Courses in botany were taught as early as 1880, but it was not until 1902 that The University of North Carolina hired Dr. William Chambers Coker as its first professor of botany. He served continuously until his retirement in 1945. William Coker also had a remarkable talent in landscape architecture, which he constantly improved by study and practice. Soon after he arrived in Chapel Hill he obtained permission of the university authorities to develop about six acres of boggy wasteland on what was then the eastern edge of the campus, the present Coker Arboretum.

Coker’s major interest in teaching was the course in general botany, and as an undergraduate instructor he ranked high. The excellence of the laboratories was due mainly to his insistence that the students have plenty of fresh and interesting plant material with which to work, and field trips were used to supplement lectures and the laboratory.

Coker’s advanced classes rarely had more than three or four students, each of whom had a table in the research laboratory along with the professor. Such small classes were conducted informally, the students doing the lecturing by giving reports of research papers related to the work being done in the laboratory. Coker was never too hurried to look at something of interest a student had found, and he had a rare ability to stimulate the student to want to find out more for himself and to believe in the importance of what he was doing.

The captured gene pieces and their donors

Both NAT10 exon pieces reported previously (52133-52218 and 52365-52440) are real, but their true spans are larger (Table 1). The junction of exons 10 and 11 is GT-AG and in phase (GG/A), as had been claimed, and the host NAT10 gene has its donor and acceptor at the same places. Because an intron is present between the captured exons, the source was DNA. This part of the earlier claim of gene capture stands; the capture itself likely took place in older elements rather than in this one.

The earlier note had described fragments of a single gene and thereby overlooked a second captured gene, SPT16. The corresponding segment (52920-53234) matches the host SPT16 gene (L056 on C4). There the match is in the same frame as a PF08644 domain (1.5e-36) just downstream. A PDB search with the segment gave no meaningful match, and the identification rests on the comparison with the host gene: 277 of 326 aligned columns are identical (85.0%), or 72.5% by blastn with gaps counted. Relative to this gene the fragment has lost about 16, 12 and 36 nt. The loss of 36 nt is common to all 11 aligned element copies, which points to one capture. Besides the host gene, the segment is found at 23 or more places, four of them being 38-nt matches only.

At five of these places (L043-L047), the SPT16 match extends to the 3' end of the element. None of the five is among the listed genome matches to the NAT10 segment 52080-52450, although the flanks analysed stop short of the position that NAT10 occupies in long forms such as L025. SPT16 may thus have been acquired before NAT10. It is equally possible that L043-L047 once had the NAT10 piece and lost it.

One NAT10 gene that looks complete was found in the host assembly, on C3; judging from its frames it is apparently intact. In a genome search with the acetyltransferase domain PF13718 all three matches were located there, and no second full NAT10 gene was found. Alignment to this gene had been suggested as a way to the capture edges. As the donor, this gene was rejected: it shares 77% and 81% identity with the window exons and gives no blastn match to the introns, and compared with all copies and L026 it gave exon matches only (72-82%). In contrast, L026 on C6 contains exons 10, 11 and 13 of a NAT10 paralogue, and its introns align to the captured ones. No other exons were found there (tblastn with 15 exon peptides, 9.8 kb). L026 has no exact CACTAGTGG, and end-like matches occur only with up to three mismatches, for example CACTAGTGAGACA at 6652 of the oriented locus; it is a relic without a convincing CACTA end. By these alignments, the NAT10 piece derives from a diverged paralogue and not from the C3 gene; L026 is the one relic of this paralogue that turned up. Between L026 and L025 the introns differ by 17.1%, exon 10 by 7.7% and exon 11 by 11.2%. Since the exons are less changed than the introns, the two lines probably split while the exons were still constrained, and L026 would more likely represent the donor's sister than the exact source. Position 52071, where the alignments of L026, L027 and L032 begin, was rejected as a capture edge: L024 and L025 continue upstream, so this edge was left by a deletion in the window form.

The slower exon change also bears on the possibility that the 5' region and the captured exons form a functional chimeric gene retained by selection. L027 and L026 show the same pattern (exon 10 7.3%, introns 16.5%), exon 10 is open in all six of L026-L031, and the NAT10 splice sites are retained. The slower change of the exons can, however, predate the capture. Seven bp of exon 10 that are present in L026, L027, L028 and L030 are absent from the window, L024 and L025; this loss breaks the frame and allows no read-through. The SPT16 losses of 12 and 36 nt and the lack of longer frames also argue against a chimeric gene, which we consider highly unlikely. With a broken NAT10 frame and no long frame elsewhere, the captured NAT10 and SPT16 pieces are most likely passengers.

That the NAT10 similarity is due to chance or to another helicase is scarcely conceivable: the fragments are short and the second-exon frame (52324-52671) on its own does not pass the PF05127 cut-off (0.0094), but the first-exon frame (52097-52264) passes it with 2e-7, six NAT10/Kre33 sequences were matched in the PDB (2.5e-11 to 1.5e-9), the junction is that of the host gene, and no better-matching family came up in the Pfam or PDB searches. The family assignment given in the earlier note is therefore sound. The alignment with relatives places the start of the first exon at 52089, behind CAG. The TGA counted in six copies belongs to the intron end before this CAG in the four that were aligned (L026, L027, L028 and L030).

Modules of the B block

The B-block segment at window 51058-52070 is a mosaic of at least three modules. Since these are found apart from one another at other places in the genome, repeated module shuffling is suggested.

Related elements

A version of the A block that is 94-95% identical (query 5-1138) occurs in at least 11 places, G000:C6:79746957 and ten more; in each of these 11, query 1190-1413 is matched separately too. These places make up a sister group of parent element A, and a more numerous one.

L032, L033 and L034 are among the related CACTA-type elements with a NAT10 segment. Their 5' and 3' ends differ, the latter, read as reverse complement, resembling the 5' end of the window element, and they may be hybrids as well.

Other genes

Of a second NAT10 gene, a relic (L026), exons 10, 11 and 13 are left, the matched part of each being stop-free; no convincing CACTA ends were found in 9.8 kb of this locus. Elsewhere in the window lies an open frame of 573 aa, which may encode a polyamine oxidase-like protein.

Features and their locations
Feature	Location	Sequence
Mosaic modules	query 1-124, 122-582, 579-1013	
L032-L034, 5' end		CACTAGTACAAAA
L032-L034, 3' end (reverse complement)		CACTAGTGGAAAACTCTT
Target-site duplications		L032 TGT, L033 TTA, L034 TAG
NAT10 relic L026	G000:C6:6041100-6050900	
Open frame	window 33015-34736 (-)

In 1922, William Coker’s cousin, Robert Ervin Coker accepted a position as professor of zoology at UNC-Chapel Hill. Generations of the university’s biology and premedical students took his general survey of vertebrate zoology. He pioneered the courses in hydrobiology in the 1920s and, later, introductory courses in oceanography. From 1935 until 1944 he served as chairman of his department, and during the same period he was chairman of the Division of Natural Sciences. He was on the Chancellor’s Advisory Committee from 1945 to 1947 and also served on the Advisory Board of the School of Medicine (1930–47) and on the University Research Council (1936–47). In 1939 he was awarded a Kenan Professorship.

During the twenties and thirties, Coker spent summers at Biological stations at Mountain Lake, Va.; Beaufort, N.C.; and Woods Hole, Mass. Between 1927 and 1935 he directed and taught summer sessions at the Allegheny School of Natural Science at Quaker Bridge, N.Y.

In 1947, at the time of his retirement from teaching, he accepted Dr. Frank Porter Graham’s offer to organize an Institute of Fisheries Research. In 1946 he was chairman of the Survey of Marine Fisheries; he served as director of the institute in 1947 and 1948 and as chairman of the executive committee from 1948 until 1953. The institute building was named in his honor, and in 1950 he received the O. Max Gardner Award for service in the organization of the fisheries survey and the institute.

Robert Ervin Coker’s work in oceanography and marine fisheries is what would later be the catalyst for UNC’s Marine Sciences department.

In 1982, the Departments of Botany and Zoology merged, and became what is known today as the Biology Department. Our administrative offices, and some faculty/labs are still proudly housed in Coker Hall.

[Excerpts from text are taken from historical documentation via NCPedia]